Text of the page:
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Finding Fabi book cover

Finding Fabi

Opening chapter

Bec Corelli was craving yellow but strangling in a tightening knot of orange. Candles behind the casket blurred into shimmering amber halos as the pastor started thanking someone else’s father in heaven ‘for Fabiano, what he meant to each of us…’

   Bec tried escaping to the yellow squares in the stained glass, but her eyes were sucked back by the orange rectangle beside the cross.

   She shook her head, her gaze settling on the cover of the service program in her lap. The face of Fabi Corelli – her actual father – smiling at her from in front of the Taj Mahal. The crossed legs, Panama hat, sandals, shorts below the knees, all oozed relaxation. Vitality. Life.

   The photo had arrived by FedEx from India two weeks ago, along with a hand-knotted rug and small bronze elephant. Then six days ago, the snail-mail bombshell landed from a Dr. Peter Casmarenhas saying Fabiano had ‘passed’.

No cause of death, date, place, explanation. No address nor contact details for Dr. Casmarenhas. The only hint was the unusual font on the letterhead. Turned out to be a type of Hindi Sanskrit.

   Bec used every investigative journalism technique known to humanity. Tapped sources at the State Department, harangued employees at the U.S. Embassy and American Citizens Services Unit in New Delhi.

   Ran up an exorbitant phone bill calling doctors, hospitals, medical centers and registrars in the states, districts, towns, villages within a hundred miles of the Taj Mahal in a frenzied attempt to find out what happened to her father. Nothing.

   The pastor droned on. Bec was drawn to the orange vortex in the stole draped round his neck, as he rambled through the motions. She was sure he and Fabi had never met.

‘… praise you today for your servant Fabiano and for all that you did through him. Meet us in our sadness…’

   Bec had been against the memorial service but was overruled by her older siblings sitting beside her now in the front row of the church in their hometown of Greenville, North Carolina. They’d always outvoted her, never supported, or tried to understand.

   After three days’ funeral leave, no sleep, Aristotle threatening red for the first time in a while, Bec had pleaded, then demanded her editor send her to India to investigate Fabi’s death. The condescending asshole not only refused; he laughed, leading to a stand-up argument in the newsroom and Bec telling him to go screw himself.

   That was yesterday. Today, for her sins, she was being forced to listen to this puffed-up pastor glorifying ‘our father in heaven’ and ‘the gospel of our lord Jesus Christ according to Fabiano’.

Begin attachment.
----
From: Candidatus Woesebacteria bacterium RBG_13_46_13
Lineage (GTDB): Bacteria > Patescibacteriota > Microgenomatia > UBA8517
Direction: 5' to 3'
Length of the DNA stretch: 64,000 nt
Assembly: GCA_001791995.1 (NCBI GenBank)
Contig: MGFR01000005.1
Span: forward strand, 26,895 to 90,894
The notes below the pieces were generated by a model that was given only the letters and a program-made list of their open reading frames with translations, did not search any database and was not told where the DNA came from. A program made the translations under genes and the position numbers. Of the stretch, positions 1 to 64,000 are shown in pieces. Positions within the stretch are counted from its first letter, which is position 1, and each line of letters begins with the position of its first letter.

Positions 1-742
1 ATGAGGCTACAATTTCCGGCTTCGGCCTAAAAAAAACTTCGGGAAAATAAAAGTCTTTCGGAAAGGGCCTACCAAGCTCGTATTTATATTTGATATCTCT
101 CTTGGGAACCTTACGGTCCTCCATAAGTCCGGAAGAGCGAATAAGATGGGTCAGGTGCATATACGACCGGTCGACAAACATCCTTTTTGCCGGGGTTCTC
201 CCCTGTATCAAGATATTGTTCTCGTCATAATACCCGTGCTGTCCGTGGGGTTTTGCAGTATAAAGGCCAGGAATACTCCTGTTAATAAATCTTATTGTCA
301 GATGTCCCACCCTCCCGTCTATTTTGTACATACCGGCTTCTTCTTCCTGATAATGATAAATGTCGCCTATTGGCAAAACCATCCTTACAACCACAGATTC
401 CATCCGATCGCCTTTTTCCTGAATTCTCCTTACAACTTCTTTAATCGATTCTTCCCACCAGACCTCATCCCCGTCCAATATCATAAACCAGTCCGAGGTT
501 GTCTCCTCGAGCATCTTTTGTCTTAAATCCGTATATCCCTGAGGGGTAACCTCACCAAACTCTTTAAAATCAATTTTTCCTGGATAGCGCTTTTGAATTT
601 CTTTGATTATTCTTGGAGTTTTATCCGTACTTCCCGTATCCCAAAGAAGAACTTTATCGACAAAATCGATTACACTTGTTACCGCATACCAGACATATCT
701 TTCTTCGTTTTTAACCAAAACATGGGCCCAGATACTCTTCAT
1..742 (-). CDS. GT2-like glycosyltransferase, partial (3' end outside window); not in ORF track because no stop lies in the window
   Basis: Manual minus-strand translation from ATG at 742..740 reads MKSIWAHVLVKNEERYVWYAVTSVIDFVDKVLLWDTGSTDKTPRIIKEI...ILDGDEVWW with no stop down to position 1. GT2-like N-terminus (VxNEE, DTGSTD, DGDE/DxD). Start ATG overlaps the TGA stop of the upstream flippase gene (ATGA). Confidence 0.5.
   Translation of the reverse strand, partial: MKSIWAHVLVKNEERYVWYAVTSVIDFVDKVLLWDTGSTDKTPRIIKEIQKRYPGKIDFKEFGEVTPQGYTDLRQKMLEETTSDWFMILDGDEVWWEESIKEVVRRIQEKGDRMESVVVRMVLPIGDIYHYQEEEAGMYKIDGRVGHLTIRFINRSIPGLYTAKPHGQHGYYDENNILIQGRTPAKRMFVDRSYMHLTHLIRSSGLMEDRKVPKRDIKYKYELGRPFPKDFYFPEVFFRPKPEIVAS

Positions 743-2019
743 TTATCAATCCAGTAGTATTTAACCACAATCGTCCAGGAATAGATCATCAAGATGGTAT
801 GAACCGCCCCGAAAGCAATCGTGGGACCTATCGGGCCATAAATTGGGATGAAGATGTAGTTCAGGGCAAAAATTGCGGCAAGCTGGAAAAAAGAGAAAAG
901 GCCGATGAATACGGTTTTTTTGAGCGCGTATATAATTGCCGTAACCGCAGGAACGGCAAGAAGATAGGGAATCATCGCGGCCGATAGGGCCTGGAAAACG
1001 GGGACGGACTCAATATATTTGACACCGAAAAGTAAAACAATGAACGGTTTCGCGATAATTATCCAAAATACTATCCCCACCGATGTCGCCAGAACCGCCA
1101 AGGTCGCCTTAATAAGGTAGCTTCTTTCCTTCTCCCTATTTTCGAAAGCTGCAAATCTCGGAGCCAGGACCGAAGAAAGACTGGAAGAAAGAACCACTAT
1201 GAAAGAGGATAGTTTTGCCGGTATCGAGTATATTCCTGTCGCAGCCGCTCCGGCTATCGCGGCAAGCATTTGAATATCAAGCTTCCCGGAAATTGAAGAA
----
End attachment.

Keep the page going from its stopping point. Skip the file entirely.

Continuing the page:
Bec wiped away a tear that had fallen onto Fabi’s face in the photo. It reminded her of the family outing to Wrightsville Beach when she was seven. Her brother and sister had been throwing a frisbee, wanted Fabi to join in. He made some excuse about a sore leg. Really just wanted to sit beside Bec.

   He’d wriggled his feet in the sand, encouraging her to do the same, and told her the phrase his father had passed on to him. Sand between the toes, away with the woes. Whispered in her ear like a pinky swear.

   It was about the time she first realized she was different, started lying to the rest of the family and friends rather than admit how she felt.

   Fabi knew, and always respected her silence, shielding her as much as a father could. Later, when her behavior and meltdowns and self-harming made it impossible to hide her condition, Fabi supported her. Whenever he’d hear someone say anything remotely judgmental about mental health, he’d speak up.

   Through the sodden mist, Bec picked up the words ‘share memories’ as the silhouette of her brother floated towards the pastor, pausing to place a hand on the casket. The empty casket.

   Heart thumping, shoulders starting to tremble, Bec forced herself to stop what she was thinking. She squeezed her eyes shut, concentrated on ten slow, deep breaths.

   Thoughts are not facts. Thoughts are not facts. Thoughts are not facts.

   It wasn’t working.

   She stared down at Fabi’s picture, gripped by bones showing white through her knuckles.

   What is the most sensible thing I can do right now to keep myself safe?

   She took another deep breath.

   Then stood up.

   Her brother stopped mid-sentence, glared at her, but Bec’s eyes were hauled to the orange Asiatic lilies in the floral spray on top of the casket, taunting her like a tiger stalking its prey.

   ‘This is such bullshit.’

   Intakes of breath, shocked gasps from behind. Her sister’s hand grabbing at her dress, trying to pull her back into her seat.

   ‘For Christ’s sake Rebecca, you’re making a scene.’

   Bec shook off the hand, scowled at the pastor.

   ‘This is all a sham. I’ll have nothing to do with it.’

   She stepped to the aisle and strode through the sea of shock, ignoring whispers of drama queen, attention-seeker, pausing only to give a one-fingered salute to a man with a scar across his face who had the gall to video her on his phone.




   Mike Bullard was relieved he’d chosen an aisle seat, several rows back from the grieving family. He rose hesitantly and crept through the astonished silence towards the door, shoulders hunched, treading lightly, gripping his phone, fighting the urge to look at the screen.

   The murmurs started as he reached the door and passed into the daylight.